My husband and I froze mid-step when the birds suddenly quieted, and no scuttle disturbed the undergrowth. The hairs along my arms and neck had jumped to attention. We strained to hear something, anything besides the wind in the trees or occasional plop of a pine-cone dropping. Nothing.
Simultaneously, we bent to pick up a large stick, but my husband reached it first. I grabbed two palm-sized rocks. A sharp crack of breaking branches sounded further up the steep incline to our left. Then another and another until it sounded as though a very large creature thrashed about tearing down trees and shoving large boulders into each other.
This certainly was not a mountain lion, he would have stalked us stealthily through the brush, coming from behind, gauging which of us (most definitely me,) would make the easier, tastier catch. Deer are not so careless as to alert predators to their passing, unless it was an entire herd escaping some threat. Though I’d feel bad for the deer, at least they possessed four legs and were fleet of foot. I, on the other hand, am clumsy and slow.
I thought the hill entirely too steep for those sounds to be a moose, though I might have been wrong. Since no human voices accompanied the noise, we ruled them out too.
No, the loud thrashing noises came from a much larger, wild creature. If he wasn’t already killing something, he definitely sounded disgruntled and headed in our direction. That left the most likely candidate a bear. In those woods, it could have meant a black bear or a grisly, neither of which I had any desire to meet in close proximity. We certainly weren’t going to share our protein bars and engage in a pleasant chat about the weather.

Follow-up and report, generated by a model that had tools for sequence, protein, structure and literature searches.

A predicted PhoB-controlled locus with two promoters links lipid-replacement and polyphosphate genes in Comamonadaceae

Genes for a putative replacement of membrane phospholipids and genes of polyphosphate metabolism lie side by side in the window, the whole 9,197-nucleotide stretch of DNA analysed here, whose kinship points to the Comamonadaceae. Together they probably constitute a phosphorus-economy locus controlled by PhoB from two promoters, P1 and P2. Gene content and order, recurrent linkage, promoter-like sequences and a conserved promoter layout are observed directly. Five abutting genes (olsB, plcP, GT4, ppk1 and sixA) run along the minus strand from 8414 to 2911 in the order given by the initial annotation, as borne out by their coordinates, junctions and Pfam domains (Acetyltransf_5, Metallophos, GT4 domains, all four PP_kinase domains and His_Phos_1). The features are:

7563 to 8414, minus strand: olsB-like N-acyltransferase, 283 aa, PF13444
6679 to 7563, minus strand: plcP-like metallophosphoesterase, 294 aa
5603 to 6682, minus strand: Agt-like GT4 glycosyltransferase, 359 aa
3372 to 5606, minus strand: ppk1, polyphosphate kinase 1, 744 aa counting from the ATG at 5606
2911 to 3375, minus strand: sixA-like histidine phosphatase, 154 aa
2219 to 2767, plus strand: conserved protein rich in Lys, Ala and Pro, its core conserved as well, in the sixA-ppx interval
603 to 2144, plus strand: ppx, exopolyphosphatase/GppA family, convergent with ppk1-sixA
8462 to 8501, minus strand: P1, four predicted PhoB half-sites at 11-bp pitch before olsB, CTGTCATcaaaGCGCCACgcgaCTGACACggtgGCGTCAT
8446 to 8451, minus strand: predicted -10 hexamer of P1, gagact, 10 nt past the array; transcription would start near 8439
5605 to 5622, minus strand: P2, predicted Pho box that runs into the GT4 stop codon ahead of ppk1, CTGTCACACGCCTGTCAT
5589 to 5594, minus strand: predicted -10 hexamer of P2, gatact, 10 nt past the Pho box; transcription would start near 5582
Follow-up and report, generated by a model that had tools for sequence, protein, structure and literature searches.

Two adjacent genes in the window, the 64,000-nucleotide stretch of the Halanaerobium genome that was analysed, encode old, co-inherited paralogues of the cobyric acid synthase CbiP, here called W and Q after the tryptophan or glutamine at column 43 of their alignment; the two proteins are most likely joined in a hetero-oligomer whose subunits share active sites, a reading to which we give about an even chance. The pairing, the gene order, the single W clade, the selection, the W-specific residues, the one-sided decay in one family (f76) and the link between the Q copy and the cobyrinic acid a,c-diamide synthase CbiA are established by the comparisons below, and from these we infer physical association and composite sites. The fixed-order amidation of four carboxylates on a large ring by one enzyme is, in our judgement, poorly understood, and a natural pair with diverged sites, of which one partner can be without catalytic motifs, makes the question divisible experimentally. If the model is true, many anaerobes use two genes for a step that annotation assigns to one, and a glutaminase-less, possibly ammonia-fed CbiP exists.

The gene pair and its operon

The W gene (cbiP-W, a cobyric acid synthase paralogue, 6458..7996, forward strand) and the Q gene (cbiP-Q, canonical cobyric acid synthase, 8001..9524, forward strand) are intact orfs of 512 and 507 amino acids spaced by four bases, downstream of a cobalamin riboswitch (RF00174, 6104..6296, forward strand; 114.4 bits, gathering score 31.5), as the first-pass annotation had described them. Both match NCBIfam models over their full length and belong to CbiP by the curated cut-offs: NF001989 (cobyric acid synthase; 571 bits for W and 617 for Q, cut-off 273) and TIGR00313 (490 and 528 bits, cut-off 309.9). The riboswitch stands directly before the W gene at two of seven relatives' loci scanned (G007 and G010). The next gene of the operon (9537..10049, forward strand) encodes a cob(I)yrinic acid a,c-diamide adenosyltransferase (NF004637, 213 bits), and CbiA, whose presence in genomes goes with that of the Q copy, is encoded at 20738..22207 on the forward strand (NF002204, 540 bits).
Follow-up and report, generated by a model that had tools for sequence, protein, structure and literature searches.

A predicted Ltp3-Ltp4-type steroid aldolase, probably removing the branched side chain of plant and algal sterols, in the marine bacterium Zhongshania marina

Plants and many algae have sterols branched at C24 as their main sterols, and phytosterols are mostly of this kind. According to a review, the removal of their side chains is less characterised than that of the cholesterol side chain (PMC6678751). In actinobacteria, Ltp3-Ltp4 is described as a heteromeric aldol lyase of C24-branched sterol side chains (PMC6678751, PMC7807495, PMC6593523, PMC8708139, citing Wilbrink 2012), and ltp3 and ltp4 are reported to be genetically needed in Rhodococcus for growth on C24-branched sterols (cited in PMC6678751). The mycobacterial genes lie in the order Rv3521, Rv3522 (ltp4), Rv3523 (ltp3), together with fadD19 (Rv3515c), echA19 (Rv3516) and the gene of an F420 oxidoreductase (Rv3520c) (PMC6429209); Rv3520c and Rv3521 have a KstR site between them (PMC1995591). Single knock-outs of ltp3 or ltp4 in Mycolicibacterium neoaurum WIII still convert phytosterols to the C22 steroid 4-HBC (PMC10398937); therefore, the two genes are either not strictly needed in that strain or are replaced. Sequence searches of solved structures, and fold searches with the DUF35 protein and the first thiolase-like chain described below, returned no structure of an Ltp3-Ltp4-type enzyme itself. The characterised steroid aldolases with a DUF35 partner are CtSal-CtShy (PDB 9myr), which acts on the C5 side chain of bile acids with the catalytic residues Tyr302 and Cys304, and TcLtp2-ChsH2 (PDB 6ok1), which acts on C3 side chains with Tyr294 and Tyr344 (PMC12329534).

The time for lots and lots of ruckus had arrived. We smacked our sticks and rocks against the trees, called out to make sure a person didn’t require our help (though what kind of help we might offer, I couldn’t imagine,) picked up bigger sticks, and scurried back to our car keeping a keen eye over our shoulders and on the hill above. We never caught a glimpse of that creature, which was fine with me because it could have been anything, even Bigfoot.
Exciting, enriching experiences like this will continue to show up in my writing, if for no other reason than I’m here to share the tale. I need to know that wilderness, though diminished by man’s intrusion, still thrives somewhere out there.
However, I’ll be honest; for all the recharging I crave and receive from wild places, I enjoy my excursions far better when observed from the safety of a sturdy cabin porch, a well-made boat on a placid lake, or a nice travel van. At the very least, I’ll take my wilderness experiences from a position close enough to retreat to one of those aforementioned enclosures, especially when bigger, meaner, hardier wildlife come to call. Even though I doubt I’ll allow characters in my stories the same luxury.
There are no four-legged wild creatures threatening my heroine in Finding My Highlander, but I set the story in wild, rugged terrain. And a twenty-first century woman landing in 1705 Scotland finds the two-legged creatures there are wild enough.
In my soon to be released, My San Francisco Highlander, we move forward to 1975-76. This story takes place in both the city and in a few wilderness areas of Northern California, where wildlife abounds, and some make an appearance.